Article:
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Community Commentary: Preparation is key before school starts back up

August 10, 2011|By Adam Grindlinger

I can't believe it's already August! My mailbox is flooded with the dreaded back-to-school sales. My wife and I are frantically scrambling to get in one last weekend trip with the kids before we succumb to the demands of the school calendar. Just thinking about back-to-school is stressing me out, and I graduated college back in '96.

There are several ways to manage the back-to-school stress that we all feel as parents. First things first: Enjoy the remainder of the summer! There are still several weeks of no school to plan a weekend getaway or day trip to a water park, zoo, camping or the beach. Talk to your kids and ask them if there is something special that they'd like to do before school starts. Have a family meeting, brainstorm some ideas, set a date and do it.

Next, while you are running around trying to buy back-to-school clothes and school supplies, you might want to keep in mind a few important suggestions to help ease the transition from the summer schedule to the school schedule. To begin with, establish routines and be organized, communicate with your partner and children, and review and revisit what worked and didn't work for your family last year.

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Establishing routines will decrease the overall stress and anxiety for both you and your children. For example, there is a difference with the bedtime and morning routines from the summer and the school year. Gradually start moving the bedtime to the time that the child will be going to bed come September. This will help get their body and internal clock set with the school clock. Also, start getting the child used to the morning routine of getting up when they would for school. This will also help them go to bed earlier like they would during school.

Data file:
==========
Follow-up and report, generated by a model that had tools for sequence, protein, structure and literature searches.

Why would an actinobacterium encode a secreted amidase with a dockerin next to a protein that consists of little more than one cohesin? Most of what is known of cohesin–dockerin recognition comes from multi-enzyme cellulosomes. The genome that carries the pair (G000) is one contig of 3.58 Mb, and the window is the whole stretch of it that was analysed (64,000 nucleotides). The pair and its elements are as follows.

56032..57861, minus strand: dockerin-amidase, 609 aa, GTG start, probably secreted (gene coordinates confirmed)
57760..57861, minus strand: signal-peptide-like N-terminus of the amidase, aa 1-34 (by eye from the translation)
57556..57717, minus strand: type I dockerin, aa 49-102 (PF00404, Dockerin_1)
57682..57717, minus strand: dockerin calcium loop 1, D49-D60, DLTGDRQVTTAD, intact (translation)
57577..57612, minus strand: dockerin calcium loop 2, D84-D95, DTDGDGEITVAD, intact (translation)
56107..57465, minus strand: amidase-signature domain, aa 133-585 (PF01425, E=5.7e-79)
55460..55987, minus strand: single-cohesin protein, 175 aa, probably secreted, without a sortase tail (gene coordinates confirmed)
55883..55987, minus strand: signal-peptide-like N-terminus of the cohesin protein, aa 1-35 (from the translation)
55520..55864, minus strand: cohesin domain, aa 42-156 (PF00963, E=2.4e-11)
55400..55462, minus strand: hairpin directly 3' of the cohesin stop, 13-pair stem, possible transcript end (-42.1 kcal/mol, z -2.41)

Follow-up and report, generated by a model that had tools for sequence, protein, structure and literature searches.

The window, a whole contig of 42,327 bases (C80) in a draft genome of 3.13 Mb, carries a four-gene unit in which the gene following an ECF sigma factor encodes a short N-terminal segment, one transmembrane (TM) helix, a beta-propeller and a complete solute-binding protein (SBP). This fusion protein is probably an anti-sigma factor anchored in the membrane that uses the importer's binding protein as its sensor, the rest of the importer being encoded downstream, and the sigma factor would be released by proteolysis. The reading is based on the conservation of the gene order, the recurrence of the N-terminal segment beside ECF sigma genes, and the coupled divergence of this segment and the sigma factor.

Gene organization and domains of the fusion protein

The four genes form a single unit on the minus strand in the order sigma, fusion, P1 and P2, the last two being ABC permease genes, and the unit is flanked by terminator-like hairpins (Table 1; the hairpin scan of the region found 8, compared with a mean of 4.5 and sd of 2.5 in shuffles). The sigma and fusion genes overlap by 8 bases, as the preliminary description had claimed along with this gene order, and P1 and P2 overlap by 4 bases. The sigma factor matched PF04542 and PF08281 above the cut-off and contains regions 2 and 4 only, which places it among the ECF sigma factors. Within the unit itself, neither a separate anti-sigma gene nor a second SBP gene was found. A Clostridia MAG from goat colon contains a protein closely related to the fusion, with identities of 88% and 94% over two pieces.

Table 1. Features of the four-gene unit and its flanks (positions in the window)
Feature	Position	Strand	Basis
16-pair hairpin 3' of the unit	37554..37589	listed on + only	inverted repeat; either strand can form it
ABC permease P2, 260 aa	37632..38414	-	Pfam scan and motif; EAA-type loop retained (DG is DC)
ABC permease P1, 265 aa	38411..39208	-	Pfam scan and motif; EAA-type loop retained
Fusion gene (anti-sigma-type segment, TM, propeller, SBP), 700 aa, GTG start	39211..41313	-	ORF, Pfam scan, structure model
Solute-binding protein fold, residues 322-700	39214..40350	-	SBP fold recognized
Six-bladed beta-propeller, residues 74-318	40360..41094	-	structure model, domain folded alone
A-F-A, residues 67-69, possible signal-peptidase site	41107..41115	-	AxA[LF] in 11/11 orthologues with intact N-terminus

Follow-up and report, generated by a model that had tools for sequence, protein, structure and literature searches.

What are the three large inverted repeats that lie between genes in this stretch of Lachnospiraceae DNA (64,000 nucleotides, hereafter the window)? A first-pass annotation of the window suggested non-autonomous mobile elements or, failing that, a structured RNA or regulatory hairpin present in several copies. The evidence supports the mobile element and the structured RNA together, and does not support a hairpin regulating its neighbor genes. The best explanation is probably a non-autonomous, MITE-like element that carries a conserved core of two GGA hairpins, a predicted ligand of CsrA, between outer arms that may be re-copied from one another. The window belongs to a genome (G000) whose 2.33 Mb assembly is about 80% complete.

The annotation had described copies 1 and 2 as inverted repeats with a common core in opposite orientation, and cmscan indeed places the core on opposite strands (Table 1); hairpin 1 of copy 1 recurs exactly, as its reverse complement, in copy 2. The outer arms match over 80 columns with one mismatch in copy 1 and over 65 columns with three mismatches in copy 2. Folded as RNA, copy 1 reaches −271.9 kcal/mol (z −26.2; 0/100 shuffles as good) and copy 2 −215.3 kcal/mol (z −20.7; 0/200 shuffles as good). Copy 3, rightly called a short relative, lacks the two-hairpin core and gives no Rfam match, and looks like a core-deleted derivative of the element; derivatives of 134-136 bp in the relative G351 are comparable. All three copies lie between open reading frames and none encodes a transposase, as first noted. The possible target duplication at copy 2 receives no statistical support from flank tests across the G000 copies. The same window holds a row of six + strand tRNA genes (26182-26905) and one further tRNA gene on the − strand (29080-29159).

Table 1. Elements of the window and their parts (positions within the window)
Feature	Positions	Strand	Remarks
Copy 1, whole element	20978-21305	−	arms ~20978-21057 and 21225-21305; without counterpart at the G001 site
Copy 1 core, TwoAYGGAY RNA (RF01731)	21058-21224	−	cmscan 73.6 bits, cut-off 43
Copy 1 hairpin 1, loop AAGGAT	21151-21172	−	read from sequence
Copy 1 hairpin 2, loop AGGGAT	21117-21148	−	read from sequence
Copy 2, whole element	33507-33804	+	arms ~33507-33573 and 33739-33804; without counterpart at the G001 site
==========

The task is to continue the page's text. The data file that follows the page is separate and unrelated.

Another suggestion that I can't stress enough is how important communication is for every family member. Parents must communicate with each other to coordinate their daily schedules with the demands of their children's schedules. Who is making lunches in the morning? Who is getting the kids showered? Who walks the dog? Have the cell phones been charged? Communicating and setting clear expectations for each family member will alleviate confusion, bickering and stress.

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